Fast-food giant McDonald’s is trying to show consumers its “greener” side with a new institutional marketing effort, “Global Best of Green.”
The full report details about 80 McDonald’s initiatives around the world, such as:
- About 80 percent of packaging used by McDonald’s Europe comes from renewable resources.
- In Canada, switching from bleached white napkins to plain brown has saved $1.3 million annually, while reducing energy, wood and water use.
- U.S. restaurant locations recycle about 13,000 pounds of used cooking oil per year, on average.
- Using a fryer that requires less oil allows restaurants to cook the same product with 40 percent less oil, saving 4 percent in energy over other fryer models.
- U.S. locations completing an energy survey identify savings of $3,000-6,000. McDonald’s USA recognizes “Energy All-Stars,” or store managers that have provided examples for others.
- In France, 10 restaurants that have committed themselves to interactive software, EcoProgress, have reduced electricity consumption 11 percent over a few months.
- McDonald’s Mexico is testing solar hot water heaters in four locations to reduce the use of liquified petroleum gas, with a corresponding 2.7 percent decrease in monthly LP gas consumption and a 19 percent drop in carbon emissions.
- McDonald’s Sweden is using CO2 detectors in 24 restaurants to adjust ventilation systems to the number of customers in the store, reducing electricity use 15 percent annually.
- McDonald’s Europe is serving salads in cardboard bowls instead of plastic dishes, and wooden coffee stirrers instead of plastic.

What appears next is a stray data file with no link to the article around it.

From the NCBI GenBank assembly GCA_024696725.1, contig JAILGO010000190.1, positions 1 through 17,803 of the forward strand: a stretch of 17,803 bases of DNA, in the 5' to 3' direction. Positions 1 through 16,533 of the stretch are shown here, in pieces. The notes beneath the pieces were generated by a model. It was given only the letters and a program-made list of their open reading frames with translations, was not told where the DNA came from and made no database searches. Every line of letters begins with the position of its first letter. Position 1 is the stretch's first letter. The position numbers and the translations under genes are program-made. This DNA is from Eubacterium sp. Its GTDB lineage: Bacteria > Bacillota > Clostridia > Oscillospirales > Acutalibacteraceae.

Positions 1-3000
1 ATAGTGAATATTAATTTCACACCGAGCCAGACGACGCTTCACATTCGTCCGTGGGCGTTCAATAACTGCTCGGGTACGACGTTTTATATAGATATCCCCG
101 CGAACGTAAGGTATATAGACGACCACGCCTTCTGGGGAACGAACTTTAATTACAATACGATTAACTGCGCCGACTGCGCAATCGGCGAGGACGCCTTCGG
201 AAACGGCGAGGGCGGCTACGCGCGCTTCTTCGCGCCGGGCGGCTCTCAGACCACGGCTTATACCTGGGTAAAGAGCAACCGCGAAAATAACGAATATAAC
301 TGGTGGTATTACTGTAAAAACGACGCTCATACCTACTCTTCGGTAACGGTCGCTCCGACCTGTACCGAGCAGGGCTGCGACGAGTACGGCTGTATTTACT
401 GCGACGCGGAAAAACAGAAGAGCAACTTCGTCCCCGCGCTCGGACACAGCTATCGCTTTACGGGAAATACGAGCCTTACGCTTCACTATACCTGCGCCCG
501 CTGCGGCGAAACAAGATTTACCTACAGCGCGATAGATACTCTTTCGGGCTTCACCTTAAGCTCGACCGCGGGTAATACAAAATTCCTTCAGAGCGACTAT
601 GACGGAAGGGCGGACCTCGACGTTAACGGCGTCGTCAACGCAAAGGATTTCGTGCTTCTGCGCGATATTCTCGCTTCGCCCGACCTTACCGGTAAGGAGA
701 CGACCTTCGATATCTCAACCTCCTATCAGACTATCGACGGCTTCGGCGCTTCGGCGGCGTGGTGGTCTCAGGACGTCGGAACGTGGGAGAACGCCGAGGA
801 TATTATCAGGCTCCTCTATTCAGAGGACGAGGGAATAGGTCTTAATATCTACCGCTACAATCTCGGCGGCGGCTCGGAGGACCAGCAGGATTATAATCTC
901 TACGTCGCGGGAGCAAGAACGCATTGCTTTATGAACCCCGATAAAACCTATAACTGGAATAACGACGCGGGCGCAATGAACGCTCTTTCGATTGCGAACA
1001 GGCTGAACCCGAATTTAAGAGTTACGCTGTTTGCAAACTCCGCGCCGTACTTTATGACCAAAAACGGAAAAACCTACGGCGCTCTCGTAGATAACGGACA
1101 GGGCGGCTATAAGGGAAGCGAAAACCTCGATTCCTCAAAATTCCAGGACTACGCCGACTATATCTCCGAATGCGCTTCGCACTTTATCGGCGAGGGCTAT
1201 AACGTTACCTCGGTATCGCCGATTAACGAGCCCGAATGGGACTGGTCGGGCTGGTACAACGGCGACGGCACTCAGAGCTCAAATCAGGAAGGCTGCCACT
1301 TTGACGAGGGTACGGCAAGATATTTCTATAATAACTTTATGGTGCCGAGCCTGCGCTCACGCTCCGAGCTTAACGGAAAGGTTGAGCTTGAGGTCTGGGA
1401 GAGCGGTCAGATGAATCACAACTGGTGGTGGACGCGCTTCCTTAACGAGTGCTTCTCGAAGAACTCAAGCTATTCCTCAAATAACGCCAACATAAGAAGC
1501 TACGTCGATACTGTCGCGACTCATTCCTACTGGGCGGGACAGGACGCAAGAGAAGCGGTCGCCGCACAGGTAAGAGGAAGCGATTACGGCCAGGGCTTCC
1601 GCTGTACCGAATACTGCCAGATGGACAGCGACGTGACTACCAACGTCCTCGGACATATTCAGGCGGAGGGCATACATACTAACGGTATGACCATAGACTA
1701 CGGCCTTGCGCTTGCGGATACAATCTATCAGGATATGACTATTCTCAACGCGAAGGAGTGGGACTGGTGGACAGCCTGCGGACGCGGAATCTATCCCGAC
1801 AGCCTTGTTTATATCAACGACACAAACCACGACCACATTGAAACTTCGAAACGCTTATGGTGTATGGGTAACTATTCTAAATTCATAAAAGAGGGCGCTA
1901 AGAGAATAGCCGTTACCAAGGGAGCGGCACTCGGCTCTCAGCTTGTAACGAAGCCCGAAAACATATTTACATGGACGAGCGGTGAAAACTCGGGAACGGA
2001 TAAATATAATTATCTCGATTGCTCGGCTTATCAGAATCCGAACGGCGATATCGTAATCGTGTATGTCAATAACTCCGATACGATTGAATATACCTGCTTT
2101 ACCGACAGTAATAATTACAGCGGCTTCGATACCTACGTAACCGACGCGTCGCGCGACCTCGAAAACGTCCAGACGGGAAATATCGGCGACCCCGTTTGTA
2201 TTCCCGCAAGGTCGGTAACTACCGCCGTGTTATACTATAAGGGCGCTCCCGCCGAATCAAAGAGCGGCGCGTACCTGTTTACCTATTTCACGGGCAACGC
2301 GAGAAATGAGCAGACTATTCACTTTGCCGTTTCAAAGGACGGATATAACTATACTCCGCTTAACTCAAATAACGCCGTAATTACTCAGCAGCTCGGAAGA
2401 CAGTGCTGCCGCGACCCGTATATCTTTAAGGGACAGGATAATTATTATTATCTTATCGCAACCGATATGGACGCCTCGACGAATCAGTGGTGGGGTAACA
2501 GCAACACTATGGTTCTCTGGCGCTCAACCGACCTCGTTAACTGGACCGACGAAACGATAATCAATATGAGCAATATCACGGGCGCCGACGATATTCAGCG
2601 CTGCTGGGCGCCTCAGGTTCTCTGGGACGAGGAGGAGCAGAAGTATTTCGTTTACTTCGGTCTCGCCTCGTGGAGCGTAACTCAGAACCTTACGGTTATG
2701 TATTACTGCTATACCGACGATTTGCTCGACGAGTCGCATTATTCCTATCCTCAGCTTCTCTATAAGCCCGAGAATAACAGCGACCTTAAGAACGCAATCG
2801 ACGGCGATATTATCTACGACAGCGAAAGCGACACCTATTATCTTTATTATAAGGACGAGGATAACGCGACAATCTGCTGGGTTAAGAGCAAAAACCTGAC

- In the U.S., decreasing the weight of polypropylene cold cups has decreased costs by 6 percent and saved nearly 1,000 tons of resin.
- Various anti-littering marketing campaigns have been implemented in Portugal, Italy, Switzerland, the UK, Australia, Germany and other nations.
- A variety of different waste and recycling bins have been tested in certain countries. A German model achieved a 90 percent recycling rate.
- Restaurants in Switzerland feature a separate receptacle for organic waste, which is sold to Kompogas, which ferments the waste into biogas.
Despite its efforts, McDonald’s has been criticized for the waste it creates around the world.
In the UK, McDonald’s is responsible for 29 percent of all takeaway litter, according to The Mail.
Greenpeace has alleged that the Brazilian soya that McDonald’s feeds its chickens is responsible, in part, for the destruction of rain forest lands, according to Wikipedia.
Eric Schlosser’s 2001 book Fast Food Nation claimed that McDonald’s uses political influence to put profits before people’s health and the social conditions of its workers.
Back in 1990, London Greenpeace, which bears no connection to the international pressure group Greenpeace, distributed leaflets entitled “What’s wrong with McDonald’s?”, criticizing its environmental record, among other things. McDonald’s sued the group for libel, resulting in one of the longest-running civil cases in British history.